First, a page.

Driving under the influence of alcohol is the crime of driving, operating, or even being at fault for a motor vehicle while intoxicated by drugs or alcohol. It is a legal concept in most states that if a person is charged with a DUI then it will be considered a DWI offense, even if the accused does not have a blood alcohol content (BAC) limit for driving. The penalties for driving while intoxicated can be very severe for many people. The minimum legal punishment is a limited suspension of driving privileges, increased fines, community service, probation, and jail time.
Certain medications such as marijuana can also cause drowsiness and slow reaction time while driving. Some people do not realize that marijuana use can reduce reaction time while driving because they have not realized that the effects of marijuana are different from those of alcohol. Marijuana does not cause immediate impairment but the lack of coordination and sluggishness can lead to accidents. Other common side effects include disorientation, slurred speech, blurred vision, and nausea. Smoking marijuana can also cause anxiety and panic attacks in people who are not already susceptible to them.
Driving under the influence of drugs and alcohol can occur at any time, even while at home. Most people recognize that the effects of alcohol and drugs are more pronounced during the day, when driving is the main chance for people to get behind the wheel. Because many states use a “penalty” system which levies more fines on drivers caught driving while intoxicated, the number of drivers charged with DUI has dramatically increased over the past few years. This increase is due to a variety of factors including stricter enforcement, higher costs of penalties, and the ease of implementing sobriety programs for impaired drivers.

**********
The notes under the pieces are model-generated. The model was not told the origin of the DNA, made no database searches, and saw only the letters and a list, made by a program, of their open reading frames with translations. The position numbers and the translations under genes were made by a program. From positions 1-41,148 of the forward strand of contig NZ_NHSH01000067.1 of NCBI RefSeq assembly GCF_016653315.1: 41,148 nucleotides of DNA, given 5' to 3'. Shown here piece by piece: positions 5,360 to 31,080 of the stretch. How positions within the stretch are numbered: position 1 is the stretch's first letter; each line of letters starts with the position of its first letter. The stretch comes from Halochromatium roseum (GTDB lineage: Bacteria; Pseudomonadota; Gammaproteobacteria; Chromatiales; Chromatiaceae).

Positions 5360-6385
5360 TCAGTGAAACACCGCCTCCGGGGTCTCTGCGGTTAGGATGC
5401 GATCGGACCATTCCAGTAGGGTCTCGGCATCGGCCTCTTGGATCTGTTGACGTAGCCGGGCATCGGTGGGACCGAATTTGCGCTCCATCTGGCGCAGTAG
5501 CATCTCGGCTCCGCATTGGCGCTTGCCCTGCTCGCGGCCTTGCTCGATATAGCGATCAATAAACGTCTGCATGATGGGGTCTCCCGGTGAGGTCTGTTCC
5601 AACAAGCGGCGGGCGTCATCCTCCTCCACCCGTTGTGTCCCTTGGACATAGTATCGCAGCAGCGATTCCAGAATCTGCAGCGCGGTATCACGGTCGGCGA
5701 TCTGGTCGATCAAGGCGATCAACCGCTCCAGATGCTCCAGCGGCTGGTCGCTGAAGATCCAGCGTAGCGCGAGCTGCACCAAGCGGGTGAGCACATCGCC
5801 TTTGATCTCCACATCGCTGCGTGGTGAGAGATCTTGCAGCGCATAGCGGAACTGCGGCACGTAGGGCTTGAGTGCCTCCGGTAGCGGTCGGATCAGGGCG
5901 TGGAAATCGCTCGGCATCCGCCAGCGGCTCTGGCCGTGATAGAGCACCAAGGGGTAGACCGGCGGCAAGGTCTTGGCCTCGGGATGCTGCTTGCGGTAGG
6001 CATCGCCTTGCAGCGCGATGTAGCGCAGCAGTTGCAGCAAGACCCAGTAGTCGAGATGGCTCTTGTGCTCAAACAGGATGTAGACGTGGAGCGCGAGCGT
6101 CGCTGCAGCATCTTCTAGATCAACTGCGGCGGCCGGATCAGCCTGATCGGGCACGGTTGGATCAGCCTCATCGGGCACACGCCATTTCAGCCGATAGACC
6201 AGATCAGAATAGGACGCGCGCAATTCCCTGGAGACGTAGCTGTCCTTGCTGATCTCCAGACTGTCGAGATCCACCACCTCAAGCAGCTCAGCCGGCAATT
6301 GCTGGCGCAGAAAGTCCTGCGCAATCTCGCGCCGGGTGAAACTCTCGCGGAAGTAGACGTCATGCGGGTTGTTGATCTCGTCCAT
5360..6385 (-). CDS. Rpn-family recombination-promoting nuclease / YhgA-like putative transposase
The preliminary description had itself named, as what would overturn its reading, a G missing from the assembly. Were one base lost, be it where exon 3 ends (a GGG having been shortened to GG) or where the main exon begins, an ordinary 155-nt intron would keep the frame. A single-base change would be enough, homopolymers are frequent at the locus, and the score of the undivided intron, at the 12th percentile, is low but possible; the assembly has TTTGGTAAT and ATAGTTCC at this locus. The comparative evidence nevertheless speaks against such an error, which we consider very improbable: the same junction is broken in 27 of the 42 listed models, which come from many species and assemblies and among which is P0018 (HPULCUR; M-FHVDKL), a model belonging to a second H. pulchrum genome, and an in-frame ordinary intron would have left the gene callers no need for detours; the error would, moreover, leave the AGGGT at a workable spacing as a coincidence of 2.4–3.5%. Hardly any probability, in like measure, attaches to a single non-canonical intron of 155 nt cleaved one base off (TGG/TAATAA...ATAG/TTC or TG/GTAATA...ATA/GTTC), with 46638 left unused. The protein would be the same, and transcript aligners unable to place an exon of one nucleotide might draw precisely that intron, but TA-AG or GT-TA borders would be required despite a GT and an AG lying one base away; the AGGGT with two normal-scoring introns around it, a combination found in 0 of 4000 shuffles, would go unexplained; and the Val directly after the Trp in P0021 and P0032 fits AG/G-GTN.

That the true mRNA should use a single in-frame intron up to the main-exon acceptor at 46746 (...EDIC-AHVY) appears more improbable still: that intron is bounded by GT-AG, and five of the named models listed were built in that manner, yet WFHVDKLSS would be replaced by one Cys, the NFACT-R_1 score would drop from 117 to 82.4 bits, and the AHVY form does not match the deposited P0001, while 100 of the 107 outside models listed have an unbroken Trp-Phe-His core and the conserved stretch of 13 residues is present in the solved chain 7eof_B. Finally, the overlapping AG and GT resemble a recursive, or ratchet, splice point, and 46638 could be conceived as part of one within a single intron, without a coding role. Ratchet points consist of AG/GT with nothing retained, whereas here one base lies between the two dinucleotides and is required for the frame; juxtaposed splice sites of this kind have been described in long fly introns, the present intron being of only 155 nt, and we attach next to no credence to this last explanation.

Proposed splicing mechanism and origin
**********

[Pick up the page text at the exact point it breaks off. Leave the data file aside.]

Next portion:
Although a BAC reading of 0.08 or greater will result in a DUI arrest, some states consider any traffic offense involving alcohol as an aggravated battery. As such, a conviction for driving under the influence will carry a greater penalty than one for simple drunk driving. A conviction can also result in a permanent license suspension, hefty fines, loss of drivers’ licenses, loss of job benefits, and other consequences. Some states also require a psychological evaluation before a conviction can be applied to a specific individual.
States often treat a BAC reading as the equivalent of the breathalyzer test in determining whether a driver is intoxicated. This is because many states require a person convicted of driving under the influence to submit to a roadside sobriety test. The test is conducted outside of the vehicle, usually at the arrest location. It can detect alcohol, but other chemicals, such as Nitrous Oxide, can also be detected. A BAC test is considered conclusive evidence that the driver is impaired.
The defense that a driver is not impaired by alcohol is called reasonable suspicion. Reasonable suspicion requires that the police have a reasonable belief that a person is impaired, in this case, driving a vehicle. If the police officer has reasonable suspicion to believe that a person is impaired, they must provide the individual with a lawful breath or urine test in order to determine their degree of impairment. Once the results of the breath or urine tests are in the system, the police should document everything. The documentation will become part of the case file and will need to be introduced at a hearing to determine if there is probable cause to arrest the individual.